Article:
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Government & Politics

Reflecting on his two terms, Hogan says he’s leaving office ‘with a sense of accomplishment’

Gov. Larry Hogan (R) in November 2020, at one of the numerous news conferences he gave on COVID-19. In an interview, Hogan described the pandemic as one of three crises he faced in office. Photo from the Executive Office of the Governor.

On Jan. 18, Gov.-elect Wes Moore (D) will take the oath of office, bringing Larry Hogan’s two terms as governor to a close. Moore will make history that day, becoming the first Black person to become governor of Maryland.

Hogan made history of his own over the last eight years, becoming the first Republican since the 1950s to win re-election. He leaves office with high job-approval numbers, a marked contrast with several of his two-term predecessors.

Earlier this week, Maryland Matters Senior Reporter Bruce DePuyt spoke with Hogan in the governor’s State House office. This is Part I of their conversation. It has been lightly edited for length and clarity.

Maryland Matters: You’re coming to the end of an eight-year ride that was pretty wild, and you do so with your popularity numbers intact. That wasn’t true of Maryland’s last few two-term governors. What thoughts do you have as you prepare to depart?

Gov. Hogan: I feel satisfied. I not only gave the job everything I had, but that we accomplished nearly everything that I said I was going to do, and we’re leaving the state in in much better shape than where we found it. I’m very at peace with it, actually. We had a great team of people working really hard for eight years.

Everybody always says ‘popularity,’ but it’s a job approval number. After eight years of being a Republican governor in the bluest state in America, having three quarters of the people think you did a good job makes me feel a sense of accomplishment and makes me kind of proud of the effort that our whole team put in.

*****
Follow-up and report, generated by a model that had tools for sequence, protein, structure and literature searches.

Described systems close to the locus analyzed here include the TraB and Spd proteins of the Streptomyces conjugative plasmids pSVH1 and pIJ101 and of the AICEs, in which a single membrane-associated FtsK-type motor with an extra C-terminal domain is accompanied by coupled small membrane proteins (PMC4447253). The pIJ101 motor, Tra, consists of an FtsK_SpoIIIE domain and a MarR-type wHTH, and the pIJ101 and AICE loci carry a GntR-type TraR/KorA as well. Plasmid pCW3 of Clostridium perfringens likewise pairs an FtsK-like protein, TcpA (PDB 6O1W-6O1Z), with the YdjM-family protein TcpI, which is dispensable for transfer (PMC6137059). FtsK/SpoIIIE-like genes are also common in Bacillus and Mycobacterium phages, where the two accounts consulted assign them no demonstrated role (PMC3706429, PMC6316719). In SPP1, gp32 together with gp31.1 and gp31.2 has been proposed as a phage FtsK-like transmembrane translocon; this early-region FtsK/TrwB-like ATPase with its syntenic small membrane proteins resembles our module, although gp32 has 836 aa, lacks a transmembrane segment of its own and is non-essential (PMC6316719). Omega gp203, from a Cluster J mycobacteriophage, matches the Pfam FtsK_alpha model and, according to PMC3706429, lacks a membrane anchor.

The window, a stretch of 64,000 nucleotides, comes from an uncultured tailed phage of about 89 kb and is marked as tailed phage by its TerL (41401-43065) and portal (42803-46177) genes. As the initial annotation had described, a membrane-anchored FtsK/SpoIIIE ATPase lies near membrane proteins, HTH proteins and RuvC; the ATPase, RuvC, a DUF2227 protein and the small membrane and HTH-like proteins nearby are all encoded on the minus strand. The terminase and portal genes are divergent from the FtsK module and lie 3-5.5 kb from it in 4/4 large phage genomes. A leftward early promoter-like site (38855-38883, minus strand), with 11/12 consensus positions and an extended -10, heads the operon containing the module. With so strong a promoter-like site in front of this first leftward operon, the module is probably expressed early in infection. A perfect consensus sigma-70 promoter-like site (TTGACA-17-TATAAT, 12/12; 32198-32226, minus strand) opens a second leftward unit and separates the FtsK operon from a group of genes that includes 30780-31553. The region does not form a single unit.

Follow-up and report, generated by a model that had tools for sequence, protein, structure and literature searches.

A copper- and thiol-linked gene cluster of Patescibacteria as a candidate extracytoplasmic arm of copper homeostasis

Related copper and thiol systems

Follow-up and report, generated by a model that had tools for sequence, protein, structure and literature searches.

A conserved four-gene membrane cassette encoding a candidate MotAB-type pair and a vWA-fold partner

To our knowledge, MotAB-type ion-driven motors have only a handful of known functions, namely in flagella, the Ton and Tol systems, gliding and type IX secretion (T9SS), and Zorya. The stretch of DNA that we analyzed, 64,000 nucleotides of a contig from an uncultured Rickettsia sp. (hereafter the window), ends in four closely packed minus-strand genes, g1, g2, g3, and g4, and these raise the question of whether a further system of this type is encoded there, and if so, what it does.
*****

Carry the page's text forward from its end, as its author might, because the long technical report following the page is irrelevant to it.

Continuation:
MM: You faced three enormous crises — the uprising in Baltimore, your cancer diagnosis and a once-a-century pandemic. So on top of the thousands of decisions that any governor faces, you also had these extraordinary additional challenges.

Gov. Hogan: We had three pretty big crises hit us completely out of the blue. We were 89 days in, I think, when the riots broke out, the worst violence in 47 years in our largest city. We had to take immediate action and make important decisions and that was a big deal with a brand new governor and a brand new government. I had never been a commander in chief before then. I had to call in 4,000 members of National Guard. I had a new superintendent of the State Police. We had to send in the state police to back up the city police.

But also I acted as a consoler-in-chief. I was trying to let the people of Baltimore know that they were going to be safe and that it was going to be OK. I think we handled that very well.

MM: Two months later you were diagnosed with late stage 3 non-Hodgkin’s lymphoma.

Gov. Hogan: Yes. Sixty days later, I had this life-threatening cancer diagnosis. Came from out of the blue. I was barely governor for five months and people were like, Hey, is this guy gonna make it? I governed from the hospital during 24-hour-a-day chemotherapy. They were pouring five different kinds of chemo into me, ravaging my body and but I still kept working. That was an incredible personal challenge.

MM: And in March of 2020, this virus that we knew was a problem in Asia hit Maryland.

Gov. Hogan: The earlier challenges were nothing compared to the worst global pandemic in more than 100 years. I wasn’t just worried about keeping the people in Baltimore safe or worried about my own health. I was worried about 6 million people and their lives and livelihoods and dealing with a crisis no one had ever dealt with before.

We had nothing. We had to build these entire infrastructures from scratch. A natural disaster comes in and it lasts a week and it’s in one location or a couple locations. This was every day. It just kept coming and coming for two and a half years. And we were working around the clock and the stress was unbelievable. It was an enormous challenge. But I think you know, we had one of the best health and economic recoveries and I think we got the highest marks for the handling of the virus of any state.

MM: What advice would you give future government executives, people preparing to become mayors or governors?

Gov. Hogan: People say to me all the time that you seem like a regular guy and you seem to just say exactly what you think. I think I’m more blunt than the average person and some people would think that’s not good in politics, but actually people — because they’re so turned off to politicians — that they like someone that seems just like them and talks to them like they want to be talked to, a straight-shooter.